“The leaders of this department believe firmly that any significant reduction in funding below what is in the president’s budget, or a broad denial of the reform initiatives that we have proposed to Congress, would mean the risks to our defense strategy would become unmanageable,” the deputy secretary said.
“Quite frankly,” he added, “we’re at the ragged edge of what is manageable.”
Adding to the pressure on defense systems, potential competitors are developing capabilities that challenge the U.S. military in all domains that put space assets and the command and control system at risk, Work said.
“We see several nations developing capabilities that threaten to erode our long-assured technological overmatch and our ability to project power,” he added.
These include new and advanced anti-ship and anti-air missiles, and new counter-space, cyber, electronic warfare, undersea and air attack capabilities, Work said.
Erosion of Technical Superiority
In some areas, he added, “we see levels of new weapons development that we haven’t seen since the mid-1980s, near the peak of the Soviet Union’s surge in Cold War defense spending.”
The department, Work said, is addressing the erosion of U.S. technological superiority through the Defense Innovation Initiative, a broad effort to improve business operations and find innovative ways to sustain and advance America’s military dominance for the 21st century.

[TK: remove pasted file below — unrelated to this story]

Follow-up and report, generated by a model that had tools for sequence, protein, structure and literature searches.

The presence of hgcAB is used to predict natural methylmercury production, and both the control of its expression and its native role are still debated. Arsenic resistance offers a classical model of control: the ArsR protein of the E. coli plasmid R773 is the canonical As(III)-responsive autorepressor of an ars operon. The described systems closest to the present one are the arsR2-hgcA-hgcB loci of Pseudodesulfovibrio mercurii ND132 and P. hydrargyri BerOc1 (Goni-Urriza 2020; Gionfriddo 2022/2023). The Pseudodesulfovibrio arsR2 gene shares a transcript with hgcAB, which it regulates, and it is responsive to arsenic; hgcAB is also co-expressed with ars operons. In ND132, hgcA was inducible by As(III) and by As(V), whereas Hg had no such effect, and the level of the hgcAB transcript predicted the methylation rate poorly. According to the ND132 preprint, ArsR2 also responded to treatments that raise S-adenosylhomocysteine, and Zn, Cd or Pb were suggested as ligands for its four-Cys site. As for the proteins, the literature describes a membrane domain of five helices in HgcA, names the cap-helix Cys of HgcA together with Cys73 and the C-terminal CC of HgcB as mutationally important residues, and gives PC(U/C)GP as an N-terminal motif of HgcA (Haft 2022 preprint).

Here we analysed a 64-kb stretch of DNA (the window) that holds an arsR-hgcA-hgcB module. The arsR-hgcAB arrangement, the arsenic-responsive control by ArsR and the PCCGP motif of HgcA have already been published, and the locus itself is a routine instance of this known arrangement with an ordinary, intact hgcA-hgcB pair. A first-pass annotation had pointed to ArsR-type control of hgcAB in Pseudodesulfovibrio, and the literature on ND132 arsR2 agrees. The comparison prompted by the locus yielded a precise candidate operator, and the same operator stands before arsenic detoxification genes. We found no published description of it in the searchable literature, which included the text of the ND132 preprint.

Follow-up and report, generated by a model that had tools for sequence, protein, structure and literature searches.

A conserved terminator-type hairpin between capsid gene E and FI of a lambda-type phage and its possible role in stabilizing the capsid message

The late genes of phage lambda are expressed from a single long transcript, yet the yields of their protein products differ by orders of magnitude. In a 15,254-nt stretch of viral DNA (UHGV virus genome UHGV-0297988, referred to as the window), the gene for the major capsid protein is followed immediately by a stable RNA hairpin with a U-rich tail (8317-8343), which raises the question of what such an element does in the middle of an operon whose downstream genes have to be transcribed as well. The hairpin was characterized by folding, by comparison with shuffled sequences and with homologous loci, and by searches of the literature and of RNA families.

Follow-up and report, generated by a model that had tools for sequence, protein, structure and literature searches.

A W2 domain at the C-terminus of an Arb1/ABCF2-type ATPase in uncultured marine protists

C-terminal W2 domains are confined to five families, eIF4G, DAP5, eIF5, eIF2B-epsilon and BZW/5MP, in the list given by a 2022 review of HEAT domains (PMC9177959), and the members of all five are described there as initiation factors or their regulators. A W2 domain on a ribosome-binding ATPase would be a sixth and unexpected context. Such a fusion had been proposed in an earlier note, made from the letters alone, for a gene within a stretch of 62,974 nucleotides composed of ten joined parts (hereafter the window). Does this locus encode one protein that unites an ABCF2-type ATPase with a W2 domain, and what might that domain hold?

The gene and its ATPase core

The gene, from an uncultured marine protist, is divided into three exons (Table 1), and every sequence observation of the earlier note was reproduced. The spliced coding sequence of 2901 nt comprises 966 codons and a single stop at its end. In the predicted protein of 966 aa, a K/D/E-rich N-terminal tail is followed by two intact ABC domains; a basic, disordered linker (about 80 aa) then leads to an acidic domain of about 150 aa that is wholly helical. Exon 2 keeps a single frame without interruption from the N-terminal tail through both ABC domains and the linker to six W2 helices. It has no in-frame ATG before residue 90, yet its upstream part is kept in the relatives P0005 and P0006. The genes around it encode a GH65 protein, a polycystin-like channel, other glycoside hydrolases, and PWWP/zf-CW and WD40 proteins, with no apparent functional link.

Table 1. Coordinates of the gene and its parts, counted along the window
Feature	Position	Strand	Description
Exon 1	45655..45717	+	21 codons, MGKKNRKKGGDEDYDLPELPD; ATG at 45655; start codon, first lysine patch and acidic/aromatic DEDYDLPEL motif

“The DII’s leading focus is to identify, develop and field breakthrough technologies and systems,” he said, “and to develop innovative operational concepts to help us use our current capabilities in new and creative ways.”
The ultimate aim is to help craft a third offset strategy, he added.
Third Offset Strategy
After World War II the United States used nuclear weapons development to offset Soviet numerical and geographic advantage in the central front, and again changed the game in the 1970s and 1980s with networked precision strike, stealth and surveillance for conventional forces, Work explained.
Now, he said, “we will seek to identify new technologies and concepts that will keep the operational advantage firmly in the hands of America’s conventional forces, today and in the future.”
Central to the effort is a new Long-Range Research & Development Planning Program, the deputy secretary said.
The LRRDP was created to identify weapons and systems in the force that can be used in more innovative ways, promising technologies that can be pulled forward and long-range science and technology investments that can be made now for a future payoff.
Invitation to the Table
Technologies that might be associated with a new offset strategy are being driven by the commercial sector, he said.